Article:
Image credit: Netflix

If you were ever forced to sit through a high school or college history class, you probably heard the story of the fall of the Roman Empire. At best, you remember that savage, fur-clad barbarians poured through the gates of a rotting, decrepit empire and snuffed out the light of civilization for a thousand years, until the combined forces of Protestant Christianity and capitalism saved us from medieval barbarism and ushered in an age of modernity.

Or, more likely, you don’t remember any of that, and I can’t really blame you.

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As it’s usually told, this is either a melodramatic soap opera or a godawfully boring recitation of emperors, barbarian tribes, popes, and meaningless dates.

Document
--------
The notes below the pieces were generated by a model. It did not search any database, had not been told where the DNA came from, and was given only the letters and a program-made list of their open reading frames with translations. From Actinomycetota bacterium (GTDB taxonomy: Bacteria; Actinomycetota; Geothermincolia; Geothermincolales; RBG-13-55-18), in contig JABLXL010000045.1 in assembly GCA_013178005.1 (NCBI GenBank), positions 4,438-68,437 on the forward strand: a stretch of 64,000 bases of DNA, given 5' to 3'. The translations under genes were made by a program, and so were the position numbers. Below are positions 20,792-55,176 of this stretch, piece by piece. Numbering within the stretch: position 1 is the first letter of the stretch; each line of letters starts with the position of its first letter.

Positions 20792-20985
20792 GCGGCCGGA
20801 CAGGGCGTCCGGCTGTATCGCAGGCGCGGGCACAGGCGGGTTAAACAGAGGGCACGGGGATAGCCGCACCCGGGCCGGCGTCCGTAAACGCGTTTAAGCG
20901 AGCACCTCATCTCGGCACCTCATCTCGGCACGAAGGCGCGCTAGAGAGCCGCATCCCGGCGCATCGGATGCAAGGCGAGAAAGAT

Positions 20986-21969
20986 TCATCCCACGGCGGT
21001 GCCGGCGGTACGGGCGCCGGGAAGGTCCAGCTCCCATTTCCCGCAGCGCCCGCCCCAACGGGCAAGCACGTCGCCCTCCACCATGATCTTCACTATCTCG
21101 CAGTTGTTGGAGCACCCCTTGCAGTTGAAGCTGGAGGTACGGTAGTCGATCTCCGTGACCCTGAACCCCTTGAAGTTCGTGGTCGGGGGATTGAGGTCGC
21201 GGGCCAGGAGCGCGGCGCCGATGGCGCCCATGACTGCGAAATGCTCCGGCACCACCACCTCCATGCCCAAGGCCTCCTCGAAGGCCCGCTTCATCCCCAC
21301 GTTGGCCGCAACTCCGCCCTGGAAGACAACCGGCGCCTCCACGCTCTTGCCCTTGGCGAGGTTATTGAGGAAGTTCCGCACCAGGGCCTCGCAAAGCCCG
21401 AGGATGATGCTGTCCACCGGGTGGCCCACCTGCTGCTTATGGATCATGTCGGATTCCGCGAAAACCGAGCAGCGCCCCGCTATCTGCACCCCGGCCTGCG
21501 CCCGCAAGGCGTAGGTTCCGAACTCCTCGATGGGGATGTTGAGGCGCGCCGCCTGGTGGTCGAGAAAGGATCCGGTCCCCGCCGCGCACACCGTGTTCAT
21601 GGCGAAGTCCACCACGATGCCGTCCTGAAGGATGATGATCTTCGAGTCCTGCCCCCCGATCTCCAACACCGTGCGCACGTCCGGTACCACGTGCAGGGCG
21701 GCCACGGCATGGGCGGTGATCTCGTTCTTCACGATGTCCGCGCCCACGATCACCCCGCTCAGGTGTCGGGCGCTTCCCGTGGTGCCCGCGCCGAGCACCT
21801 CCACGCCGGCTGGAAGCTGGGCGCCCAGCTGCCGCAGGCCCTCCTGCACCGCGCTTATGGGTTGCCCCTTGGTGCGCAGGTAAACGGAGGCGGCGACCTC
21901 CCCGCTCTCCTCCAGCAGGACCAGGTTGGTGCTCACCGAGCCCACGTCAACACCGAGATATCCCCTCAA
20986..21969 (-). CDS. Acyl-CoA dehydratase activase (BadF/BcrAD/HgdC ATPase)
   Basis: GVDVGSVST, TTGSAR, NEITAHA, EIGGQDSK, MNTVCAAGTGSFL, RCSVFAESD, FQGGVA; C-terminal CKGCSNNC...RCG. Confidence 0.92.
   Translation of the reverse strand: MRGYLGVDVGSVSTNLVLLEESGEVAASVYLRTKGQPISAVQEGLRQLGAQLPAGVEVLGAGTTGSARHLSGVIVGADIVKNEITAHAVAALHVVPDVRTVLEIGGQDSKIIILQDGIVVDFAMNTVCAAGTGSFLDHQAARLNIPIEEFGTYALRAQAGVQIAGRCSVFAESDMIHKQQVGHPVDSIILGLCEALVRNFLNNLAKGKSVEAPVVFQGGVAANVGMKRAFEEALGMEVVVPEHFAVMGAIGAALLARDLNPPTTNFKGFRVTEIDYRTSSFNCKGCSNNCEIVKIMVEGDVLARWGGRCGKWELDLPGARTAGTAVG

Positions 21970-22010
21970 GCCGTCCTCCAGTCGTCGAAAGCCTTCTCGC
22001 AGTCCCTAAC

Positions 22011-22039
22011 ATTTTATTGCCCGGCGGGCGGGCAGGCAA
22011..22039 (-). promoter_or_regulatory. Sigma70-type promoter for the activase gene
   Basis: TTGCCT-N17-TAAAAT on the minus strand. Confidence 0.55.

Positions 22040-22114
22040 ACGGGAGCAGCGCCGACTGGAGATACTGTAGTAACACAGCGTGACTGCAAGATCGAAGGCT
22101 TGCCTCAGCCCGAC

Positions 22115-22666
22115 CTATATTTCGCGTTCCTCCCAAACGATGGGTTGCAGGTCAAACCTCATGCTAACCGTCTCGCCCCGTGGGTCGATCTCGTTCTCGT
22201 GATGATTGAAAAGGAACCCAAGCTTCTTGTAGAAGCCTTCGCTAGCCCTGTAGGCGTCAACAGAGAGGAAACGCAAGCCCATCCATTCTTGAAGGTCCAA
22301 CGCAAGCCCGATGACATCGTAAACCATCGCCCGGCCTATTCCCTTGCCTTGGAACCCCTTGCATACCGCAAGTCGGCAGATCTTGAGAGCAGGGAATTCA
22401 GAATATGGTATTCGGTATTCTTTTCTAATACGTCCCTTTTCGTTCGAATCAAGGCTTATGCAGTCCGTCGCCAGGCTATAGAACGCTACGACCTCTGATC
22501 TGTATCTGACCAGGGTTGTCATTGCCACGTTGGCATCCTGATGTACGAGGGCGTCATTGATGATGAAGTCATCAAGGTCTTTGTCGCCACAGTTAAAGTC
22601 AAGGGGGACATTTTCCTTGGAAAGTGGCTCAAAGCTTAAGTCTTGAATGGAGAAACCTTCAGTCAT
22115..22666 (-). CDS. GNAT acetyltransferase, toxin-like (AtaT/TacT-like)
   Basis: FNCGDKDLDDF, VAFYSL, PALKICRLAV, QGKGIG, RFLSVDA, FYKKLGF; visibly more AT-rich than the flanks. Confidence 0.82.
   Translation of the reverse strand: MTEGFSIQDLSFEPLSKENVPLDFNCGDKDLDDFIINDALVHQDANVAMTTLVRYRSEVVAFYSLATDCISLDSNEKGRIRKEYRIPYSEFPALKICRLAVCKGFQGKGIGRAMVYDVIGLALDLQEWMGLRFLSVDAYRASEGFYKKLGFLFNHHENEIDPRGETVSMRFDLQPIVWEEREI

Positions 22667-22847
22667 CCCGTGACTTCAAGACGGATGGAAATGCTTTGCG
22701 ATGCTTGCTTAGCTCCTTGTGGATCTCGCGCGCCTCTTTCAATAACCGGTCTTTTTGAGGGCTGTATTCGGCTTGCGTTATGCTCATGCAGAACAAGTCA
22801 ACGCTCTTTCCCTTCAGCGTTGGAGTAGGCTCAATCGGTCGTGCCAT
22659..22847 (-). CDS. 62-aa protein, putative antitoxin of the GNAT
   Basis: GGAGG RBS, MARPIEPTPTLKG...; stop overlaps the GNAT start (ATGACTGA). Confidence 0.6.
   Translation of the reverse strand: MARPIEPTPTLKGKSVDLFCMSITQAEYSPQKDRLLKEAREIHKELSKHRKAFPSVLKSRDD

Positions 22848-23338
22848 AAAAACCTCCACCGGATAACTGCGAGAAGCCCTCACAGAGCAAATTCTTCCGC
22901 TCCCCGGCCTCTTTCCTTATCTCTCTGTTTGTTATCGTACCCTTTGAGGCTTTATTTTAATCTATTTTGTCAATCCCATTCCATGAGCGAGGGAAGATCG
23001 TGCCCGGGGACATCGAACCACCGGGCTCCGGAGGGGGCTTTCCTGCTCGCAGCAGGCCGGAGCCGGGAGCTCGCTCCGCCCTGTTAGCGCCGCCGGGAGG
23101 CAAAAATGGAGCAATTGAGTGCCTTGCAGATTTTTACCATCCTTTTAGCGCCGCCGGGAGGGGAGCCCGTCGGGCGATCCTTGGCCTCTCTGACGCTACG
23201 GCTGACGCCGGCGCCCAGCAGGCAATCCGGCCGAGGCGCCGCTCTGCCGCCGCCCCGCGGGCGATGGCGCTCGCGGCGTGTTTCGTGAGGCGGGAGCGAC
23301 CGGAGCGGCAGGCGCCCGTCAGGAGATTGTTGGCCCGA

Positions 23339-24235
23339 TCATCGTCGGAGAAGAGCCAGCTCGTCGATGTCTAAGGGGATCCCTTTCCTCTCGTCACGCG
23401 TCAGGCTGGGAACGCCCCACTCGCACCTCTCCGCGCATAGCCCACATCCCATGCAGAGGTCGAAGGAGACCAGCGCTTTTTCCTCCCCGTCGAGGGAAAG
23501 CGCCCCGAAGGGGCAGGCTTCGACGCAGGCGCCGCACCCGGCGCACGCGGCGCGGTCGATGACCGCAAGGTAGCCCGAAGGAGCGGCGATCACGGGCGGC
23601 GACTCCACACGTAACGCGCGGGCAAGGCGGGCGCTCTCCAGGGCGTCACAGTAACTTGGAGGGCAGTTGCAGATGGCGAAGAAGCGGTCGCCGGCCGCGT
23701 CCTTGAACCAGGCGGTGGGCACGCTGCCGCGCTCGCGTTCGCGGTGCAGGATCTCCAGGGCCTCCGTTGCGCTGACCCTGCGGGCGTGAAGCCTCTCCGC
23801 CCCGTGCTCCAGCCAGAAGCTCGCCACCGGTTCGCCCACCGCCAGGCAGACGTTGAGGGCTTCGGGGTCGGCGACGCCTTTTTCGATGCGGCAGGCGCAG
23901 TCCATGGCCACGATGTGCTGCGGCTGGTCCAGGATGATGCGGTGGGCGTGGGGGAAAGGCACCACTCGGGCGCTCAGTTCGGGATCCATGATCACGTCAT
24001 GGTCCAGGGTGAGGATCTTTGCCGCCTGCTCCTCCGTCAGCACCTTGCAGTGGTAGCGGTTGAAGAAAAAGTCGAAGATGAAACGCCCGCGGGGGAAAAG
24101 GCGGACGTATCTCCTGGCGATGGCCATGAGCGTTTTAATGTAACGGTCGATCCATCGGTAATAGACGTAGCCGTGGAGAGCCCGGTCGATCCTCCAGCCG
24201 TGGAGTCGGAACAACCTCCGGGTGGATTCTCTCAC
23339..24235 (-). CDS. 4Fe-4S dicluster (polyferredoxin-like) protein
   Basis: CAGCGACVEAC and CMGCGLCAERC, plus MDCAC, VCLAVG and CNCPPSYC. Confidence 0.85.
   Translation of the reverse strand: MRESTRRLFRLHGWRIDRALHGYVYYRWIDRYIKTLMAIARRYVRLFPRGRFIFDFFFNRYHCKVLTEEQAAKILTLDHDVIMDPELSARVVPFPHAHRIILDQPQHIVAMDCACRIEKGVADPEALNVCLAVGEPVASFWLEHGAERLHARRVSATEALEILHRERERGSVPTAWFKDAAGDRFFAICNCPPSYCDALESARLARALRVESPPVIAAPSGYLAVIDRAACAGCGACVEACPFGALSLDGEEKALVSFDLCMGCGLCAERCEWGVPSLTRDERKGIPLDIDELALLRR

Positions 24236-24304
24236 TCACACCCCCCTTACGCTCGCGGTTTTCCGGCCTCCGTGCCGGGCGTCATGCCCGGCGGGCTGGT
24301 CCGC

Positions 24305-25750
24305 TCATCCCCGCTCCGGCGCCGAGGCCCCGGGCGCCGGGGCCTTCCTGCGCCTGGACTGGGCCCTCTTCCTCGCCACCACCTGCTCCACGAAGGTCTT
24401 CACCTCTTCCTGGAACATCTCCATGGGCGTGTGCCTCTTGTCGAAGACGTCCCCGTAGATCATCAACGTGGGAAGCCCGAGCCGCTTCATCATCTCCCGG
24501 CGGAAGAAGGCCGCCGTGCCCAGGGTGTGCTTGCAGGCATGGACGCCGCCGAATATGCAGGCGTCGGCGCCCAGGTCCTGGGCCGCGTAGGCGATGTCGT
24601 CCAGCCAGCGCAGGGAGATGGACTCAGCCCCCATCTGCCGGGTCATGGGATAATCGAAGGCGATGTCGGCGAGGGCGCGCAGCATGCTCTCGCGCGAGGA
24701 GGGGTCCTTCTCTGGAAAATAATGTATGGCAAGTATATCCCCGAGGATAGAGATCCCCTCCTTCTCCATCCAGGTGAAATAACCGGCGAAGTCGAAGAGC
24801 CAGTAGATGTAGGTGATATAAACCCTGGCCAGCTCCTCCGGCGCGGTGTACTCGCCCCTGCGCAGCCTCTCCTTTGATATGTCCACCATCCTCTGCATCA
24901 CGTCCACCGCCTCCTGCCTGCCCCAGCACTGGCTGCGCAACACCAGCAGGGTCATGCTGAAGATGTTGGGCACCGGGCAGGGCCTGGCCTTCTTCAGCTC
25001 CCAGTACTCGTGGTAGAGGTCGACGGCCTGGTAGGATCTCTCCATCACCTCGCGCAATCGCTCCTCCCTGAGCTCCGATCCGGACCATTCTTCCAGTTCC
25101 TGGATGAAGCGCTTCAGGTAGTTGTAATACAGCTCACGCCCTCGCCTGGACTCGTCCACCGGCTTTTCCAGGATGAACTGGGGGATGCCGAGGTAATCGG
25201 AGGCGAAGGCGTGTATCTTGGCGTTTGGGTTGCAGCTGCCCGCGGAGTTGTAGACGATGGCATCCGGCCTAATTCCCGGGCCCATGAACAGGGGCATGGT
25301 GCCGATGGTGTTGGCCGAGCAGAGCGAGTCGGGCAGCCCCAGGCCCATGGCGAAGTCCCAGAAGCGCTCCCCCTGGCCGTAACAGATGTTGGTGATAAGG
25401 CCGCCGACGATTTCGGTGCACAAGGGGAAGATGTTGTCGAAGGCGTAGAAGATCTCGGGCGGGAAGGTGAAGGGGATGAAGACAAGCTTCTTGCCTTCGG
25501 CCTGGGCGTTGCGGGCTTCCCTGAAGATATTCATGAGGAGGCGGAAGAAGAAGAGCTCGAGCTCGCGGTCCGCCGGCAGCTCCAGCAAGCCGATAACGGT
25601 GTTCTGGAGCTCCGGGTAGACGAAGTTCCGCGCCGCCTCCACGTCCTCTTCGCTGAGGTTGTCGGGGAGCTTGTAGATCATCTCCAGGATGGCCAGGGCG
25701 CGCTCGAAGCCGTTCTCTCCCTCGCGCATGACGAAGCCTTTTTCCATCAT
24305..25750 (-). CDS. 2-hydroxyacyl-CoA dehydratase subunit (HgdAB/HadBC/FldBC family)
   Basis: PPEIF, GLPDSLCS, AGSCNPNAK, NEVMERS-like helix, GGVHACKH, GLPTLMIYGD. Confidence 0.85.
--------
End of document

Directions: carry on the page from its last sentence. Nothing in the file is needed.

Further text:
I promise you, though, it can and should be more interesting. I spent seven years getting a PhD in exactly this subject, and while my current career as a mixed martial arts journalist speaks pretty loudly to my professional prospects in academia, I did in fact pick up a few interesting things along the way. Want to talk about mass migration and the immigrant experience? How about pandemics? Climate change and the stresses it places on complex societies? How all of those things interact with widespread violence to bring about political and economic collapse?

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If so, I’ve got something for you. Check out the first episode of The Fall of Rome Podcast, 40 minutes of cutting-edge research (as much as history can be on the cutting edge) presented in digestible form.

Patrick Wyman last wrote for Deadspin about UFC champions hanging out with an accused Russian war criminal; he can be reached on Twitter @Patrick_Wyman.